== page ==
On August 17 I posted the following asking if readers also believed this to be true:
Is this something you believe to be true about agents?
I’m not sure literary agents are the right way to go, as their interests are bizarrely narrow, and seem to be looking continually for exact replicas of successful works from the past, rather than compelling untold stories.
Most of the comments received were supportive and made sense. Some suggested it was sent from an author who just hit the wall on rejections. I agree. I suspect that’s exactly what happened and I do understand that frustration.
Before giving my opinion on the statement I wanted to hear from readers and I appreciate that so many contributed.
Unfortunately for authors, its so easy to feel that agents don’t want to take risks or have bizarrely narrow interests. In some cases they’re right. Life is easier when we have a sure thing and, in most cases, all readers have narrow interests. In fact, I’ve yet to meet a reader who truly reads everything. Sure many will say they do, but then you ask about the romance novel she just read or the latest horror novel and come to realize that those don’t fit into the category of everything.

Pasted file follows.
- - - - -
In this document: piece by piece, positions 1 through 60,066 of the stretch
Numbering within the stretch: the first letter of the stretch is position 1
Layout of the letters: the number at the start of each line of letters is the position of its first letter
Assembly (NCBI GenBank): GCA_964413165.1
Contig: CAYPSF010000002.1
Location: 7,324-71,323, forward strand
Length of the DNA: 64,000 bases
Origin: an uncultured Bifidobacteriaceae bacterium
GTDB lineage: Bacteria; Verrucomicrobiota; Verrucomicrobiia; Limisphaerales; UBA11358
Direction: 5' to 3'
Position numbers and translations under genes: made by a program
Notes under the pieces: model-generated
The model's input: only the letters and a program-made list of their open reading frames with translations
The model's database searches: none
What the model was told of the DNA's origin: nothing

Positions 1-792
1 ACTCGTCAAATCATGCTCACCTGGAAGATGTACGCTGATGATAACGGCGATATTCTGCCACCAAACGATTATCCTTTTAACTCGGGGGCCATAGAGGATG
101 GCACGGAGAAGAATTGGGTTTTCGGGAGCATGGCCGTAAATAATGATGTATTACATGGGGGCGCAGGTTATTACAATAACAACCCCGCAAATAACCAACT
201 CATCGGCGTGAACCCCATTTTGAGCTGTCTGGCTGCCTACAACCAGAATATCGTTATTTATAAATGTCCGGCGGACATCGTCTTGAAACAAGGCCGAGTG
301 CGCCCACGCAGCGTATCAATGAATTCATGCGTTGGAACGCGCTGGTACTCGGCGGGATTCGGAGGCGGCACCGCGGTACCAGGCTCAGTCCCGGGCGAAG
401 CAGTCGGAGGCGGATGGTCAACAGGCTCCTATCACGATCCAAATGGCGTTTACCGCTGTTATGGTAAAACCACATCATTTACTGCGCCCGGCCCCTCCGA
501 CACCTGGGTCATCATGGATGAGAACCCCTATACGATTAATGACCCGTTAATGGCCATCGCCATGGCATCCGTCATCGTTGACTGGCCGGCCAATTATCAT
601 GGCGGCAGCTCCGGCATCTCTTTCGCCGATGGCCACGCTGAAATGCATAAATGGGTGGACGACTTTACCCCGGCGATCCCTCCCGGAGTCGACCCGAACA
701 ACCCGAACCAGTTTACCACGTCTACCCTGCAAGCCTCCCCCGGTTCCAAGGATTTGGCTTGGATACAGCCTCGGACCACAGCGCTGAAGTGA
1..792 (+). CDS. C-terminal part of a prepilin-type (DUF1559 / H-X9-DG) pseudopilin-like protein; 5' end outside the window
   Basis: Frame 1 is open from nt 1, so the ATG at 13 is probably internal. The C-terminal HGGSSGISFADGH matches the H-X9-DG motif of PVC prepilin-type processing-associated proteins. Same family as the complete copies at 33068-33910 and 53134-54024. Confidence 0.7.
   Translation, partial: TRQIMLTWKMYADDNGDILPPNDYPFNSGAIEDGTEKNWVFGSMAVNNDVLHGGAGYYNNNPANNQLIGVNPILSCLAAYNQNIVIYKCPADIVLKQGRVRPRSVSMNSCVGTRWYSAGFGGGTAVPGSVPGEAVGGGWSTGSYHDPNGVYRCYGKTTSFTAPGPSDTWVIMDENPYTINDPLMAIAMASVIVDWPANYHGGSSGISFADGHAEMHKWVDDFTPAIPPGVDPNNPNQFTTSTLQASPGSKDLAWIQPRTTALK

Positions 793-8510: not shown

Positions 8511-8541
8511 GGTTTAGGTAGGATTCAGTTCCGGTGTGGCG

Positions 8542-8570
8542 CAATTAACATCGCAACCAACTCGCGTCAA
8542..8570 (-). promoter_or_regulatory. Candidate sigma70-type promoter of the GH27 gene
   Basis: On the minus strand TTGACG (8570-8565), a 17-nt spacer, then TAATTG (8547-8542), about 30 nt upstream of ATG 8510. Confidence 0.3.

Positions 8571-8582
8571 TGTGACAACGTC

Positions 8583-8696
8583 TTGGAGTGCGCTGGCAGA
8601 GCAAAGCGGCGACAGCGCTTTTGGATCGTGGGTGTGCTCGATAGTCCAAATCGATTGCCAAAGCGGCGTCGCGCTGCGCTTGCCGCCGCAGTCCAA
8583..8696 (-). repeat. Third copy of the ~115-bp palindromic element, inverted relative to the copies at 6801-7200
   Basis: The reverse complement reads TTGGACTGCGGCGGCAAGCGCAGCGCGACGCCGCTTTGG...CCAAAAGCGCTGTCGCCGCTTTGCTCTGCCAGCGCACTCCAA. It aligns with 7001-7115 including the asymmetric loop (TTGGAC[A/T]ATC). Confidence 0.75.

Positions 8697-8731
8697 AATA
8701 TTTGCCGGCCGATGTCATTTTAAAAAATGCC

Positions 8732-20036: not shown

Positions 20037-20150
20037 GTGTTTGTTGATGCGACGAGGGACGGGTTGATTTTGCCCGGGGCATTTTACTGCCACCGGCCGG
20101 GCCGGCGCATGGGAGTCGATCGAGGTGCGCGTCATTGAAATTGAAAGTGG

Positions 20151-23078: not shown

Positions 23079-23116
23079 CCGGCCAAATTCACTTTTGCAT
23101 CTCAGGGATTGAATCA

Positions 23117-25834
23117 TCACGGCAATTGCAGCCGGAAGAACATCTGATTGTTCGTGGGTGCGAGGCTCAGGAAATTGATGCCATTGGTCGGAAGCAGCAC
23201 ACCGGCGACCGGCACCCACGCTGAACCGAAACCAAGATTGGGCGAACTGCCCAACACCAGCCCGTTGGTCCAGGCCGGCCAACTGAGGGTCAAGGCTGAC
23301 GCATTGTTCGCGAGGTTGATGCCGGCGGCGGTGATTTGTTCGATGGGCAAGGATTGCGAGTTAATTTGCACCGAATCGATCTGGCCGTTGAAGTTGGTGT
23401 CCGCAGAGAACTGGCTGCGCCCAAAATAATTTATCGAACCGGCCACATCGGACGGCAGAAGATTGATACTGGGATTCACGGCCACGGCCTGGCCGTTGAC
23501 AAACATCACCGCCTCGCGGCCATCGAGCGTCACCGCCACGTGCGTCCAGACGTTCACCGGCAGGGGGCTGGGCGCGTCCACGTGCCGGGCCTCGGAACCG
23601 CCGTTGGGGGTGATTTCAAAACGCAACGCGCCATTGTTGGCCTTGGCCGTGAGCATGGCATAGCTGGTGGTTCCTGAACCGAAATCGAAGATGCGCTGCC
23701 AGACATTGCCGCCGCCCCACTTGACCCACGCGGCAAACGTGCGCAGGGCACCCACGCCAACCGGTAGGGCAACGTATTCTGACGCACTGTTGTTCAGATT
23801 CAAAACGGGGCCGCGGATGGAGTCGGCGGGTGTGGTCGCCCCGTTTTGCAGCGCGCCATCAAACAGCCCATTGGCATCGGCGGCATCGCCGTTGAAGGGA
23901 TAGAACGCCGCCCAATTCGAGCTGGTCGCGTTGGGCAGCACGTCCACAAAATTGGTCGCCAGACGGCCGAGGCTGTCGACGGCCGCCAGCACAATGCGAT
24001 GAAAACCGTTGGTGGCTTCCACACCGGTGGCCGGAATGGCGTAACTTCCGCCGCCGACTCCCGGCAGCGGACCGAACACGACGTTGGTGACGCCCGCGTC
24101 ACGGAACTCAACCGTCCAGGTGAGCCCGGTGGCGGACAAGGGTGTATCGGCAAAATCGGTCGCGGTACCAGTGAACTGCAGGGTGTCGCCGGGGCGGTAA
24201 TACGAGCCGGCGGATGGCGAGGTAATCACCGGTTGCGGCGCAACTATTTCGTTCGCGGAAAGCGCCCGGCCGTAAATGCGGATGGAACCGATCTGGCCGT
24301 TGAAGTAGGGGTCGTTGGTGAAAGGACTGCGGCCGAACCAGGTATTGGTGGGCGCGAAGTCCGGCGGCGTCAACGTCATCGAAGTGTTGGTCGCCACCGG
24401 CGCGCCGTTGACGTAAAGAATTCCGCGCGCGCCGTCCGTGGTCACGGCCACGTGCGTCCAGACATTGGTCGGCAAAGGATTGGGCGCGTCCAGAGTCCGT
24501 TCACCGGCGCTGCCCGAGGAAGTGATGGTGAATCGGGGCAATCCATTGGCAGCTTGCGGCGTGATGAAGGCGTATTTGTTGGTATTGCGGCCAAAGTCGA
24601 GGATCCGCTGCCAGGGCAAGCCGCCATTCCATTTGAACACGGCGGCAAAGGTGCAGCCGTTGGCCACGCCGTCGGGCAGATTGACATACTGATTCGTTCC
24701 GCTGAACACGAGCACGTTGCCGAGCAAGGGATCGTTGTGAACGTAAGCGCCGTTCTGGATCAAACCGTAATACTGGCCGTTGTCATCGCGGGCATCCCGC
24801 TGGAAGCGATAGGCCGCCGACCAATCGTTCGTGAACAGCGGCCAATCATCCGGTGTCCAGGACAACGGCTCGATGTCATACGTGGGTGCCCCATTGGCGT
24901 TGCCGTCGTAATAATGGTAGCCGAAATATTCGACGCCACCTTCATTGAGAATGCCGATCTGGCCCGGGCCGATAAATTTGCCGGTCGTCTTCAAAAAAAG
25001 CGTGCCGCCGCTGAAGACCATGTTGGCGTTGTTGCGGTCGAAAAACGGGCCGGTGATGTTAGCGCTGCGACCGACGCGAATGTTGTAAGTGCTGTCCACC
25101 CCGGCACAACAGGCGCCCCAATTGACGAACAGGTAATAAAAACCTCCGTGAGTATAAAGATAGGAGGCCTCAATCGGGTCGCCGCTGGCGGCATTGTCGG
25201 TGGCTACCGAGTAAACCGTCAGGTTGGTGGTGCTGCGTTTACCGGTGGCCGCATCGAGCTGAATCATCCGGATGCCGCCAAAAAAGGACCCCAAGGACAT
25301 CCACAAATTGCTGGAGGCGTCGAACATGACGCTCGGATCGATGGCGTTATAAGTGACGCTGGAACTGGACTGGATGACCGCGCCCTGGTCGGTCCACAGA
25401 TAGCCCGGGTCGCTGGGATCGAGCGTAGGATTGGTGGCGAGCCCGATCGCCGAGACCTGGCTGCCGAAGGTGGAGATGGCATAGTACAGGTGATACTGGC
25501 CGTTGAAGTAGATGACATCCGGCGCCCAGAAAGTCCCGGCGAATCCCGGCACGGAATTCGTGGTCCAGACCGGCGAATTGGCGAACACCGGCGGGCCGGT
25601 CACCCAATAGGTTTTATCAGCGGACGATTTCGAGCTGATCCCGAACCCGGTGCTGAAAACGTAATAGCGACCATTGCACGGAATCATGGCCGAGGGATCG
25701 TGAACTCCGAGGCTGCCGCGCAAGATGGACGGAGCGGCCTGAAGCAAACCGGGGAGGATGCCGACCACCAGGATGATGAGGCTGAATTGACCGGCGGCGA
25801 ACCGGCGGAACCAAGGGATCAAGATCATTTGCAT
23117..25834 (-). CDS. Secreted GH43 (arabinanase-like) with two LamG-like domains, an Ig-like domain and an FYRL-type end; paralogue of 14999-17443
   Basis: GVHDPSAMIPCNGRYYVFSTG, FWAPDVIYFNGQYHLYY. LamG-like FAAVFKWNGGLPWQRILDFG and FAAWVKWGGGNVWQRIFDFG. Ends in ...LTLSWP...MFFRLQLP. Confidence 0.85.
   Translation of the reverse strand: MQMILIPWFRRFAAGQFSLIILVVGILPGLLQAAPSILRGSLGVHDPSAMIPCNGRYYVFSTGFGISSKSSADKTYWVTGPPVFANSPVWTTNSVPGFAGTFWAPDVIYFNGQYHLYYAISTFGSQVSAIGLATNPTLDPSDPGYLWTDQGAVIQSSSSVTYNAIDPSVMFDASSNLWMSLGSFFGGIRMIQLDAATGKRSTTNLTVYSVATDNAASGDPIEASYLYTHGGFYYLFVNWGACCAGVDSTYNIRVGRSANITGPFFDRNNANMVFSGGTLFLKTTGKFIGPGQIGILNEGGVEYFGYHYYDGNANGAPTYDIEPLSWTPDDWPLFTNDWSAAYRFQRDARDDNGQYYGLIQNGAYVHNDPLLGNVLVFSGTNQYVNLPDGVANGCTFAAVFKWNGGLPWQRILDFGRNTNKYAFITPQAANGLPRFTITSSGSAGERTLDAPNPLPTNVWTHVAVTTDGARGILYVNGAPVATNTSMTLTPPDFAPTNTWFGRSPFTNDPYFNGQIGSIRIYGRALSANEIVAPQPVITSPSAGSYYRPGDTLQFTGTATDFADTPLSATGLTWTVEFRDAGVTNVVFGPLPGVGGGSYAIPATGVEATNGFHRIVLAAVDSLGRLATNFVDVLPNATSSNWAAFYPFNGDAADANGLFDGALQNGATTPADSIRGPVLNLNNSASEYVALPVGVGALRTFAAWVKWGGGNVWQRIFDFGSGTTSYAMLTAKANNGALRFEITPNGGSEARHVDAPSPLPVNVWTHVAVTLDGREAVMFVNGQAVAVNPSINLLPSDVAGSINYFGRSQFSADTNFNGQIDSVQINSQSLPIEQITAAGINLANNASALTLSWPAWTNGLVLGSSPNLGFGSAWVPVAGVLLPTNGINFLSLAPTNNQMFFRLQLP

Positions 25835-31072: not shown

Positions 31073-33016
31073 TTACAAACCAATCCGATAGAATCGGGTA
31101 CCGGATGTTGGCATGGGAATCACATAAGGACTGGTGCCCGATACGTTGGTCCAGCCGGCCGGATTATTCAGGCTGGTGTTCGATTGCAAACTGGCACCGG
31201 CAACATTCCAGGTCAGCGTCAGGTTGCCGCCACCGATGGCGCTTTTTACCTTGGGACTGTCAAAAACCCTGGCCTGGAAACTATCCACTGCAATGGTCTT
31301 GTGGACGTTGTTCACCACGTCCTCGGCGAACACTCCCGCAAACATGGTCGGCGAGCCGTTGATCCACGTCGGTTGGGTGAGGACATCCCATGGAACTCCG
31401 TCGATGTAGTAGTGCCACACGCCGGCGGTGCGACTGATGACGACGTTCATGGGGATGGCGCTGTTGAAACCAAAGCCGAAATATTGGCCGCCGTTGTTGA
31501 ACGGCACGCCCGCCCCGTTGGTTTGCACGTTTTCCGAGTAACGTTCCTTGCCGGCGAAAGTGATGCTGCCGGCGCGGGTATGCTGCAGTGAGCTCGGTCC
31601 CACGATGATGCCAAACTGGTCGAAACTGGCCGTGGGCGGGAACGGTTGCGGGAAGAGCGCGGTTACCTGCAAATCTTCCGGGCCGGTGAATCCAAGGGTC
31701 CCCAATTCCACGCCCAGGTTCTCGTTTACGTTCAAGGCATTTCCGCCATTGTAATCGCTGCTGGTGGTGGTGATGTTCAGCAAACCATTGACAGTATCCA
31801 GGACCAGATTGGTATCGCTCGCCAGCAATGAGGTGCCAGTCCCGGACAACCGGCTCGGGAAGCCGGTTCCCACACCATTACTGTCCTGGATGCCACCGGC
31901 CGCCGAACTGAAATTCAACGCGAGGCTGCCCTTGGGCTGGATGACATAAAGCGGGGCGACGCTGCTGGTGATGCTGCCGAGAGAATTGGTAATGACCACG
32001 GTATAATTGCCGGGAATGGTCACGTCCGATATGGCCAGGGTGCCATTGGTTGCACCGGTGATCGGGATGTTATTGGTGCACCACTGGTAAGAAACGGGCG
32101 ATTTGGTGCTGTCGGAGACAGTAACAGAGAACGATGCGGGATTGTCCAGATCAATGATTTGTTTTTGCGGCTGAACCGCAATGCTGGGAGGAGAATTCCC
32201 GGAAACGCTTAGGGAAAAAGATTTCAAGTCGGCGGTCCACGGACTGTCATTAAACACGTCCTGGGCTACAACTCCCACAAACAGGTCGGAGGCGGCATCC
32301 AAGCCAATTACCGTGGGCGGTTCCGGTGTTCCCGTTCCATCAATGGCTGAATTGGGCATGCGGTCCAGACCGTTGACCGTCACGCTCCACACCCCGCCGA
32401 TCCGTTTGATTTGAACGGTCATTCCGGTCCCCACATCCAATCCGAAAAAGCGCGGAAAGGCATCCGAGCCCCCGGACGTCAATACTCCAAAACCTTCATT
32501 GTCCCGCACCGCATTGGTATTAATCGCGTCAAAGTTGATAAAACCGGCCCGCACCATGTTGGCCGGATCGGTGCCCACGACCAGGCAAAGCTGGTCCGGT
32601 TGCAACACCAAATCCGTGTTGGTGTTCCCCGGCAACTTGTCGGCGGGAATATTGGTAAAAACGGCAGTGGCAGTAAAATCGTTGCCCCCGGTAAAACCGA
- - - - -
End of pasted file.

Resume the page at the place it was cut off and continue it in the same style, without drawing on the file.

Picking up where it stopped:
Taking on a new client, or pitching a new genre or book of any kind, even from an established client is always a risk. We have to take risks, the truth is that the same old same old does not sell. Even if we’re looking for another contemporary romance because that’s what editors tell us they want, it still needs to be different enough to sell. Sometimes making the job harder. How do you take something that is “bizarrely narrow” and make it wide enough to be different, but similar enough to meet the expectations of readers?
Typically an agent’s job is to know the market and take on books she thinks she can sell to editors. Editors in turn are buying books she thinks readers want. Are there mistakes made? All the time. Are there surprise winners? Absolutely. There’s no scientific equation to any of this. Moods change and reading tastes change on a dime. Right now, we’re trying to predict what readers are going to want to read in 2017, because that’s likely when the books we’re selling today will be published. That’s a tough call to make since I can’t even predict what I’m going to want to read tomorrow.